A common question my friends always ask me is, Which stocks to buy or where should I invest? This is because I have been working as a finance journalist and earlier was with business news channels where stock market coverage was an integral part of the job. Though the overall financial inclusion is a challenge in India and penetration of the stock market is very less, what happens at BSE at Dalal Street and NSE at BKC determines India’s economic picture. Last week we celebrated the Azadi ka Amrit Mahotsav and this week India’s benchmark index, Sensex, reclaimed the 60,000 mark.
If I borrow from veteran fund manager Nilesh Shah: “Sensex at 60,000 is just a number. As an investor did you benefit from it? Were you able to average at lower levels? Keep faith in India’s growth story and use corrections as an opportunity to add to your equity portfolio.”
There is no doubt about India’s growth story, but we have to analyse what side of the economy the Sensex at 60,000 showcases. First and foremost, it feels good and makes the right impression. Global investors, various funds and multinational companies generally follow the geographies by their benchmark indices. For them, that’s the only parameter. So the Sensex milestone is positive and will ultimately benefit the country. Also, foreign investors generally invest in benchmark indices. But I think the benchmark indices offer a skewed view and do not cover the whole picture of India as Sensex has only 30 companies and Nifty has 50 while scores of firms are listed on the stock exchanges.
The local economy should flourish
Apart from benchmark indices, there are many moving parts. Last week in an India @75 article, I wrote about the factors driving growth in the country (Click Here ). There are two factors where we can look at the economy now. First is, the growth which is coming only because of global reasons, and the second is the domestic levers, which the Prime Minister is also pitching for. So, how is the local economy shaping up? I have a few questions.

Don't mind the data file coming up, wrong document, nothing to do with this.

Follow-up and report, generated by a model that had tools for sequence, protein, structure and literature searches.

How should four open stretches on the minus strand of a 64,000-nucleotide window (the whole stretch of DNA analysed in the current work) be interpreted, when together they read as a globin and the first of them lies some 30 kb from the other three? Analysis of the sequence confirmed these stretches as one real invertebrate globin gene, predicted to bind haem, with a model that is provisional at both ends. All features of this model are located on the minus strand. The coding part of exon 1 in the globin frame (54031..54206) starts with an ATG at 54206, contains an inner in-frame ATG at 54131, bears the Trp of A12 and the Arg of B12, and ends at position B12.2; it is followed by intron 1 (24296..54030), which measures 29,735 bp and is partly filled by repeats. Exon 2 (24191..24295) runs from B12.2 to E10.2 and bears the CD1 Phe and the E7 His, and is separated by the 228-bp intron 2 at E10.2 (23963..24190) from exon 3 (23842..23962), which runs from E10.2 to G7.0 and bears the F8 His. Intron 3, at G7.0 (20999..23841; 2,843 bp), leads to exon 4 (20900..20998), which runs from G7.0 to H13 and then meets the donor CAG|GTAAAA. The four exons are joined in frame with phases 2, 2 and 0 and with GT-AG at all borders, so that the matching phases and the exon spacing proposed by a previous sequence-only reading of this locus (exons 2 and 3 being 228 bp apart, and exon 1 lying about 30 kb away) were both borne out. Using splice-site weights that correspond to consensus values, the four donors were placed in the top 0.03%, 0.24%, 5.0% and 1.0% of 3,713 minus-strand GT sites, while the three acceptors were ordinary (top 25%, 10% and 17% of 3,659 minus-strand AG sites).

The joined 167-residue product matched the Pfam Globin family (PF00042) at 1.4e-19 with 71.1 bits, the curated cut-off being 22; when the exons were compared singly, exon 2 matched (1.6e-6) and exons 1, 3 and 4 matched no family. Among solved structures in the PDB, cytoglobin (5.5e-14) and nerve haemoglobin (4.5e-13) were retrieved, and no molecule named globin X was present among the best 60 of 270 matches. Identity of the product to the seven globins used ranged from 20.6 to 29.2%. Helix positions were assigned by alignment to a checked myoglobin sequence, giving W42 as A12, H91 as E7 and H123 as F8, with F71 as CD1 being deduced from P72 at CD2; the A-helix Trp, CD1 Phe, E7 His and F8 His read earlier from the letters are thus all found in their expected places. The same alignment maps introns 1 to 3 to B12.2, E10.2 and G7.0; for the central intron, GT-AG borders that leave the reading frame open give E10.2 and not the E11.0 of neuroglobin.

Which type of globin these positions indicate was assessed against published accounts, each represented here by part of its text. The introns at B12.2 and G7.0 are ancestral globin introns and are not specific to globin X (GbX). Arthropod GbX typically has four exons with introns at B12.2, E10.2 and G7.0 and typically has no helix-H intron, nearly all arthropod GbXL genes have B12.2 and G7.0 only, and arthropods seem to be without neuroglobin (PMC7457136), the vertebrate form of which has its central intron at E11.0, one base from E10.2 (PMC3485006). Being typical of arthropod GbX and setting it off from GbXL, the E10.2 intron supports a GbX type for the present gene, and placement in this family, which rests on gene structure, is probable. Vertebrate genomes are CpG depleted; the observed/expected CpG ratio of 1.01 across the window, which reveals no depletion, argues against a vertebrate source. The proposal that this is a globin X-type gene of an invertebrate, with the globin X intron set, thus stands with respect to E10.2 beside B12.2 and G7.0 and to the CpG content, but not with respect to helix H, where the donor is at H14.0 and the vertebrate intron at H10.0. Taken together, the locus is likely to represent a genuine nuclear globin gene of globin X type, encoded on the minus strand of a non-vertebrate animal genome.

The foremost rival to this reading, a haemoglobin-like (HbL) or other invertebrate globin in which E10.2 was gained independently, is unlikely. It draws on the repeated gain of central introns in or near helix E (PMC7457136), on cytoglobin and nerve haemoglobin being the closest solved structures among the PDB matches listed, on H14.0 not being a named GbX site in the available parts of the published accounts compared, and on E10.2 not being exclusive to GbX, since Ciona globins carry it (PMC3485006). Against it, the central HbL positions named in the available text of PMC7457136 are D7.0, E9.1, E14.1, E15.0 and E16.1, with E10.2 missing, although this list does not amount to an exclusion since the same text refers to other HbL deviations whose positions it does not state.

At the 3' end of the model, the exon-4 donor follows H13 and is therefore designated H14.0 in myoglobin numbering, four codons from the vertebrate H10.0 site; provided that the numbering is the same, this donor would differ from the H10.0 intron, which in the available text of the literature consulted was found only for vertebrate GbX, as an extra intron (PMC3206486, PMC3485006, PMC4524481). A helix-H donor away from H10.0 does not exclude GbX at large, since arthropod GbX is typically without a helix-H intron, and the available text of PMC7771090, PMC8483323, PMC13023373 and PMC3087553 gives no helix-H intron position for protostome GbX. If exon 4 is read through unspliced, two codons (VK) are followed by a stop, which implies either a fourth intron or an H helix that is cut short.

In Mumbai where I live, vehicular traffic has quadrupled in just the last few years. I can see new cars like Tata Nexon, Hyundai Nios and Skoda Slavia in large numbers. But are these old orders, which faced delays due to a shortage of semiconductor chips, and were delivered recently? Is the production-linked incentive (PLI) scheme making a difference? Are there more trucks on the roads? The government brought in the Emergency Credit Line Guarantee Scheme for SMEs and MSMEs, but in what state the SMEs are? Are they expanding? Are their invoices getting cleared? Or are they holding capex plans since interest rates are on the rise? Nobody has a clear picture of where it is heading.
The tussle over a Chinese spy ship in Sri Lanka is an indicator that tension may rise in future, whereas the visit of US officials to Taiwan and China’s response with military drills is taking us closer to the fire. This is happening while the war in Ukraine has not ended. With the situation tense, the rally in inflation and interest rates may continue.
So 60,000 is a milestone, but before we begin celebrations, let’s be sure about how the coming quarters will be. And specifically at this juncture where we have not moved far away from the pandemic and are yet to reach a safe zone, we need to look at various other factors to note how the world and specifically India will head ahead. The situation is still very volatile.
Amol Dethe is the Editor of ETCFO. Click here to read his columnns.